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Chapter I Jean Louis Vignes, William Wolf skill, and the Beginnings of Commercial Viniculture, 1830-184.8 NOTHING IS W A N T I N G but intelligent persons, to make wine of a superior quality . . . " 1 Forbes wrote this in 1839, six years after the Mexican government had initiated a policy that was ulti-mately to destroy the missions, which had been the chief centers of California viticulture, and thus prepare the way for commercial production. Since southern Cali- fornia had dominated grape growing and wine making un- der the Spanish missions, it was

’s Finger Lakes, thereby encouraging a suc- cession of books on growing grapes for wine. John Dufour’s American Vine-Dresser’s Guide appeared in Cincinnati in 1826; Alphonse Loubat’s, similarly titled, in New York in 1827; and Alden Spooner’s story of suc- cess with native American vines after repeated failures with European varieties was published in Brooklyn in 1846. More followed, the most important of which were Friedrich Muench’s School for American Grape Culture (Saint Louis, 1865), George Husmann’s American Grape Growing and Wine Making (New York, 1880), and

). In fact, Fiano is very site sensitive, and its wines differ greatly depending on where the grapes grow. It is rich in geraniol and linalool (these terpenes explain the wine’s floral note), but the presence of free alkyl-2-metoxypyrazines and volatile phenols also explains the toasty note that Fiano wines develop with age (Moio 2012). Moio’s research team at the University of Naples has also found significant concentrations of many other aro- matic molecule precursors, such as terpin-4-ol, β-damascenone, 1,1,6-trimethyl-1,2-dihydro- naphthalene (TDN, the

9 Into the Fog, and Above It The Sonoma Coast Beyond Guerneville, grape growing enters a real no-man’s-land. The dis- tance from Guerneville to the coast is only about a dozen miles as the crow flies, but it’s light years away in almost every other respect. Guerneville, with its cafés and souvenir shops, is San Francisco in the redwoods. Fort Ross, as Don Jorge and the Russians discovered, is more like a remote out- post in the Aleutians. “It cannot be practically farmed,” declared J. P. Munro-Fraser, author of the History of Sonoma County, concerning the coast

2 8 7 San Francisco Bay, Santa Cruz Mountains, and Solano County M o s t l y U r b a n C o u n t i e s a n d A l l w i t h W i n e C o u n t r y People who live in northern California know that the term Bay Area includes nine counties in and around San Francisco, the much-loved “City by the Bay.” San Francisco Bay has now been adopted as the name under which several grape growing counties (San Francisco, Contra Costa, Alameda, San Mateo and Santa Clara), plus parts of San Benito and Santa Cruz Counties to the east and south of San Francisco have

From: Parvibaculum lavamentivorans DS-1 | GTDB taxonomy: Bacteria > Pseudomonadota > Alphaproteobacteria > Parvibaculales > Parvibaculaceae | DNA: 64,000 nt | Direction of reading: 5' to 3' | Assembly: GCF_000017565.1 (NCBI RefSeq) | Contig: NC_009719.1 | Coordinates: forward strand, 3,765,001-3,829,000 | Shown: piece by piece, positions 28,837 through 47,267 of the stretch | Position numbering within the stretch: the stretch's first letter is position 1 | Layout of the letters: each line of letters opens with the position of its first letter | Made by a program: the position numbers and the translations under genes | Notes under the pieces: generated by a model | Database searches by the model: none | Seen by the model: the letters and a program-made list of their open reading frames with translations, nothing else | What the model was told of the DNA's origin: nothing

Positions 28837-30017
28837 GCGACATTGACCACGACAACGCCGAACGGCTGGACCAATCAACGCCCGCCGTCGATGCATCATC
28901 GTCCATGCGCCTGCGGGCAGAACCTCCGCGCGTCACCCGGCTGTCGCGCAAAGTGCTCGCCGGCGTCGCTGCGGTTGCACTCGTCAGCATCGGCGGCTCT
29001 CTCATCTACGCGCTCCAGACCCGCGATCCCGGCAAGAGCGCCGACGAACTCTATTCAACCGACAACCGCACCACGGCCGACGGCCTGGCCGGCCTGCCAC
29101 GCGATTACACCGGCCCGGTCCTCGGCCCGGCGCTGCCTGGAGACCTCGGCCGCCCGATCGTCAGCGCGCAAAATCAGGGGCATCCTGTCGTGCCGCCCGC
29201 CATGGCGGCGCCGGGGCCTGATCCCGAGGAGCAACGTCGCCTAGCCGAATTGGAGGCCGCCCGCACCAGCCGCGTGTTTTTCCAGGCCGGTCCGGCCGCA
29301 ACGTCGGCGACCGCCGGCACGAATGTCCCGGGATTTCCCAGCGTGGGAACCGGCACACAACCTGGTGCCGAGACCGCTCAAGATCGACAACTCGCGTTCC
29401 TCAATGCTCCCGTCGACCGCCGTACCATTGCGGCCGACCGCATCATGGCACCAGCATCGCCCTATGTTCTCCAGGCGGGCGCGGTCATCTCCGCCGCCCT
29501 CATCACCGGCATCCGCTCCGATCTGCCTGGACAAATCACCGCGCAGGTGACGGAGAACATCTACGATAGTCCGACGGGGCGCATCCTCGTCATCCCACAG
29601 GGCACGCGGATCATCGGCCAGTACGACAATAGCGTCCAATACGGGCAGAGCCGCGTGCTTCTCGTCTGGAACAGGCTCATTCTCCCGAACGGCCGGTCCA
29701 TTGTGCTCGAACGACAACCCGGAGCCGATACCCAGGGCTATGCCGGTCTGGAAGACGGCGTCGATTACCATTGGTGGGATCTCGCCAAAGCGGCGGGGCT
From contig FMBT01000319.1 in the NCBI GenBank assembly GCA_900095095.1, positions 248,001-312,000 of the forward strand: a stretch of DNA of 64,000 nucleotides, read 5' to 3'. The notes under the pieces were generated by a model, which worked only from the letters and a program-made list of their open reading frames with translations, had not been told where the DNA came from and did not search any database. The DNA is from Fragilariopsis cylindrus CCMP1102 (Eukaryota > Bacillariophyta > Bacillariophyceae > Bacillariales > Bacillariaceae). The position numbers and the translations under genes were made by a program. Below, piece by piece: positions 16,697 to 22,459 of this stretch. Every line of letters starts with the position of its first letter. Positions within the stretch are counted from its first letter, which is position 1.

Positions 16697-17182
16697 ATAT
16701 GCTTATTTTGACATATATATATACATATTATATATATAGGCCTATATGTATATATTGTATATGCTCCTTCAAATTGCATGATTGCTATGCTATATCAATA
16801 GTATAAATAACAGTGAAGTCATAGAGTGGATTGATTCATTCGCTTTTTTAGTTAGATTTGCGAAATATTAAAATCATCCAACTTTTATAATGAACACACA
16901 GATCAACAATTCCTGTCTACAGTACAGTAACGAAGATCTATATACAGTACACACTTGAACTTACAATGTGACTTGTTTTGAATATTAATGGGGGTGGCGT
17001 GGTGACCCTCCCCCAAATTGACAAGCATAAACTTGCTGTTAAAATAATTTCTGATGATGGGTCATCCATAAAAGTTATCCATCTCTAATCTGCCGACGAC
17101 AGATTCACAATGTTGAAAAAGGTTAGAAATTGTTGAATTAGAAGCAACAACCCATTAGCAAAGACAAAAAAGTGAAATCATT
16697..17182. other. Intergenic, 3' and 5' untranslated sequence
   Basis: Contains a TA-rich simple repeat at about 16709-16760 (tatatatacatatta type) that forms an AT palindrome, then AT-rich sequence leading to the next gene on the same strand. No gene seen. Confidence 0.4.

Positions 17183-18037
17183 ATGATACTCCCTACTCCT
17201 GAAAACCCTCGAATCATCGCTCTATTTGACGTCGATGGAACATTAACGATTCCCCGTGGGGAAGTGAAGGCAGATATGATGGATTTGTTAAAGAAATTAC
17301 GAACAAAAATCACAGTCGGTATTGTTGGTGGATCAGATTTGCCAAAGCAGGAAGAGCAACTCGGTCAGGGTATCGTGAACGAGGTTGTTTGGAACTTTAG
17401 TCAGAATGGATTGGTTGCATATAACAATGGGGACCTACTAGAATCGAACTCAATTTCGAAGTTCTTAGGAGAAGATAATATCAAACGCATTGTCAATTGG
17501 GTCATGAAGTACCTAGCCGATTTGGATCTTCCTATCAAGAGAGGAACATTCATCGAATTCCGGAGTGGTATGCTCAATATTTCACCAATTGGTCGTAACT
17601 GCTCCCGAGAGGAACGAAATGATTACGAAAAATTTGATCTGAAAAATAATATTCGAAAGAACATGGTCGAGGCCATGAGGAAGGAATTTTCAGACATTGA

9 Into the Fog, and Above It The Sonoma Coast Beyond Guerneville, grape growing enters a real no-man’s-land. The dis- tance from Guerneville to the coast is only about a dozen miles as the crow flies, but it’s light years away in almost every other respect. Guerneville, with its cafés and souvenir shops, is San Francisco in the redwoods. Fort Ross, as Don Jorge and the Russians discovered, is more like a remote out- post in the Aleutians. “It cannot be practically farmed,” declared J. P. Munro-Fraser, author of the History of Sonoma County, concerning the coast

pacesetters in assuming a large share of the chanciness in grape growing by buying vineyards and in- stalling the former owners of them, as employees on salary, in their own homes. They are pacesetters in applying modern processing techniques to the ancient art of converting grapes into wine.1 Taylor was now, at the beginning of the ’60s, by far the largest of the upstate New York wineries, and therefore by far the largest winery in the country outside California. Sales 253 of Taylor wines had approached the 2.5-million-gallon mark in 1959, and the winery was poised for

Culture of the Grape, and Wine-Making (Cincinnati: Moore and Anderson, 1852), p. 26. 8. “Mr. Longworth is of opinion that upwards of five thousand varieties of the grape grow wild in Ohio, Kentucky, Indiana, Missouri, North and South Carolina, California, and other central and eastern States of the Union” (Charles Mackay, “The Queen City of the West,” Illustrated London News, March 20, 1858, 297). 9. Longworth, “Grape and Manufacture of Wine,” p. 302. 10. Cist, Sketches, p. 47. 11. Longworth, “Grape and Manufacture of Wine,” p. 305. Adulteration with cheap whiskey

his experience, but something of what that had been is clearly implied by Vaughan's recommendation of native rather than imported vines. Another positive result of Legaux's activity was to secure the interest of Dr. James Mease (1771-1846), a prominent Philadelphia physician and writer. When the Vine Company was promoted, Dr. Mease became one of the managers. A man of science, he had a technical as well as a commercial interest in the possi- bilities of grape growing and did what he could to advance the understanding of the subject. In 1802, when he was preparing a

grapes are grown), wine labeling laws had to be modernized to accurately reflect the authenticity of these new Amer- ican wines. In designing an American appellation system, the government was loath to adopt the Old World systems, which involved extensive con- trols over all facets of grape growing and winemaking; and vintners and growers disliked those foreign models because they felt they would ham- per their spirit of innovation. America needed its own appellation system and its own wine lexicon. As wine consumption expanded, so did concerns about health effects and